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Chilwell Valley and Meadows Practice Outstanding


Review carried out on 31 October 2019

During an annual regulatory review

We reviewed the information available to us about Chilwell Valley and Meadows Practice on 31 October 2019. We did not find evidence of significant changes to the quality of service being provided since the last inspection. As a result, we decided not to inspect the surgery at this time. We will continue to monitor this information about this service throughout the year and may inspect the surgery when we see evidence of potential changes.

Inspection carried out on 21 October 2015

During a routine inspection

Letter from the Chief Inspector of General Practice

We carried out an announced comprehensive inspection at The Valley Surgery on 21 October 2015. Overall the practice is rated as outstanding.

Specifically, we found the practice to be good for providing well-led, effective and responsive services. We found the practice was outstanding for providing safe and caring services. It was also providing good services for all population groups.

  • There were arrangements in place to respond to the protection of children and vulnerable adults and to respond to any significant events affecting patients’ wellbeing.
  • The practice managed complaints well and took them seriously, information about how to complain was available and easy to understand.
  • Patients told us they were treated with compassion, dignity and respect and were involved in decisions about their care and treatment. They also said that the staff would always allocate time to explain conditions and treatment plans which helped patients understand the care available to them.
  • The practice worked well with other health care services to enable a multi-disciplinary approach in meeting the needs of patients.
  • There was a clear management structure with approachable leadership. Staff were supported and had opportunities for developing their skills with good training opportunities.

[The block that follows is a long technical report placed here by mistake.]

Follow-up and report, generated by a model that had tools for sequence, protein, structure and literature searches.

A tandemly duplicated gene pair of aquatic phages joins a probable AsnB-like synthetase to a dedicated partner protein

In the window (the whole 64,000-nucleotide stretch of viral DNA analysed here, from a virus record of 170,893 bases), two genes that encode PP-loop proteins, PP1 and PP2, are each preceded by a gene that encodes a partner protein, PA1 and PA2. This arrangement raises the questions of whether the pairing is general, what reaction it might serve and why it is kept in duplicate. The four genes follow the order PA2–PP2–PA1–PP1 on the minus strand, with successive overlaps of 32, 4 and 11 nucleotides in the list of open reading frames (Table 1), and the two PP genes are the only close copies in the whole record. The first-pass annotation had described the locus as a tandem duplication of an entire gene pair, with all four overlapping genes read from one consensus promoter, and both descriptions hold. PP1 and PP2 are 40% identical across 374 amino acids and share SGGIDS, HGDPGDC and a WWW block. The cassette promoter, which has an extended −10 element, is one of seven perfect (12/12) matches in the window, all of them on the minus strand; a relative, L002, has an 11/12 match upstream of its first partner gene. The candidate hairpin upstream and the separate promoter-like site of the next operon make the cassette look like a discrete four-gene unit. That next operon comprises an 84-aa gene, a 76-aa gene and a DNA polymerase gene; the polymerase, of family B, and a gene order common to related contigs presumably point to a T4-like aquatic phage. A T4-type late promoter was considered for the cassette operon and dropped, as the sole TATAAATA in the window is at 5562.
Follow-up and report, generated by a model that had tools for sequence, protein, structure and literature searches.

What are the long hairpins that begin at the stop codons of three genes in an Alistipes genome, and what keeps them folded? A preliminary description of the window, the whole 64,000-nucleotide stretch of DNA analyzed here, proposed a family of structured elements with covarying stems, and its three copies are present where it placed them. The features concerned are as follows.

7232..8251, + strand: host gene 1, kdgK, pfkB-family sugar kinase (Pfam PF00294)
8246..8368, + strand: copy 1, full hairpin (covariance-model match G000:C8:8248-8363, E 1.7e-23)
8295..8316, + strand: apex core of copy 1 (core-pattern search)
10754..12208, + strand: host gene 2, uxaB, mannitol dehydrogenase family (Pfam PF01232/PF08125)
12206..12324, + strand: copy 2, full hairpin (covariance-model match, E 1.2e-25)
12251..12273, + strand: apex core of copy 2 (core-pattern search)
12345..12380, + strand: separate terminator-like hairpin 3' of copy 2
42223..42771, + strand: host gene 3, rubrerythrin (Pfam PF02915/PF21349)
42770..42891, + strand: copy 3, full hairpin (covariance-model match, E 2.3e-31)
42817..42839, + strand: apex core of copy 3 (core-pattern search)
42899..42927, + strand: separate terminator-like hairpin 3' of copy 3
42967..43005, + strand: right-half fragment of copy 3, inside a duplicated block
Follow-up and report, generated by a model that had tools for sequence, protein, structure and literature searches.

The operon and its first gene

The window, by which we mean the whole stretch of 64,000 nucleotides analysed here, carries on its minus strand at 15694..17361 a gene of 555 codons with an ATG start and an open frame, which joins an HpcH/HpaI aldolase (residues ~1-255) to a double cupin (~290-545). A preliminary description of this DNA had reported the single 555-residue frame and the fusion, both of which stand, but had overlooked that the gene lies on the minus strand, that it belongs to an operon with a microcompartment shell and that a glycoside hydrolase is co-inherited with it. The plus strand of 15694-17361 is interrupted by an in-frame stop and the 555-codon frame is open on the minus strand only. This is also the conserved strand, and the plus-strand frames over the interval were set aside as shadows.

• The practice proactively sought feedback from staff and patients, which it acted on. There was an active patient participation group (PPG) which felt involved in the development of the practice.
  • The PPG was proactive in health promotion working with charities to coordinate events to support patients diagnosed with long term conditions such as dementia as well as their carers.
  • Patients’ needs were assessed and care was planned and delivered following best practice guidance. Staff had received training appropriate to their roles and any further training needs had been identified and planned.
  • The practice had a clear vision and informal set of values which were understood by staff. There were clear clinical governance systems in place and regular review of policies.

We saw areas of outstanding practice:

  • The practice staff were open and transparent and fully committed to reporting incidents and near misses. Learning was not only shared within the practice, following a through and open investigation, so staff could work to best practice but also at a national level so learning could be maximised from these events and reduce likelihood of reoccurrence.
  • The practice had an embedded culture and proactive approach to anticipating and managing risks to patients which was recognised as the responsibility of the staff we spoke to.
  • Clinical audits were carried out and all relevant staff were involved to improve care, treatment and people’s outcomes. There had been 19 clinical audits conducted in the last twelve months, seven of these were completed audits where the improvements made were implemented and monitored.
  • The practice provided a level of care over and above what was demanded by their contractual obligations or expected by their patients. The high level of compassion and respect given to patients in need, whether at end of life or during a deterioration of their condition was reflected in comment cards and by talking to patients throughout the inspection. Additional support for patients with dementia was in place to allow access to care and services in a suitable manner.

Professor Steve Field (CBE FRCP FFPH FRCGP) 

Chief Inspector of General Practice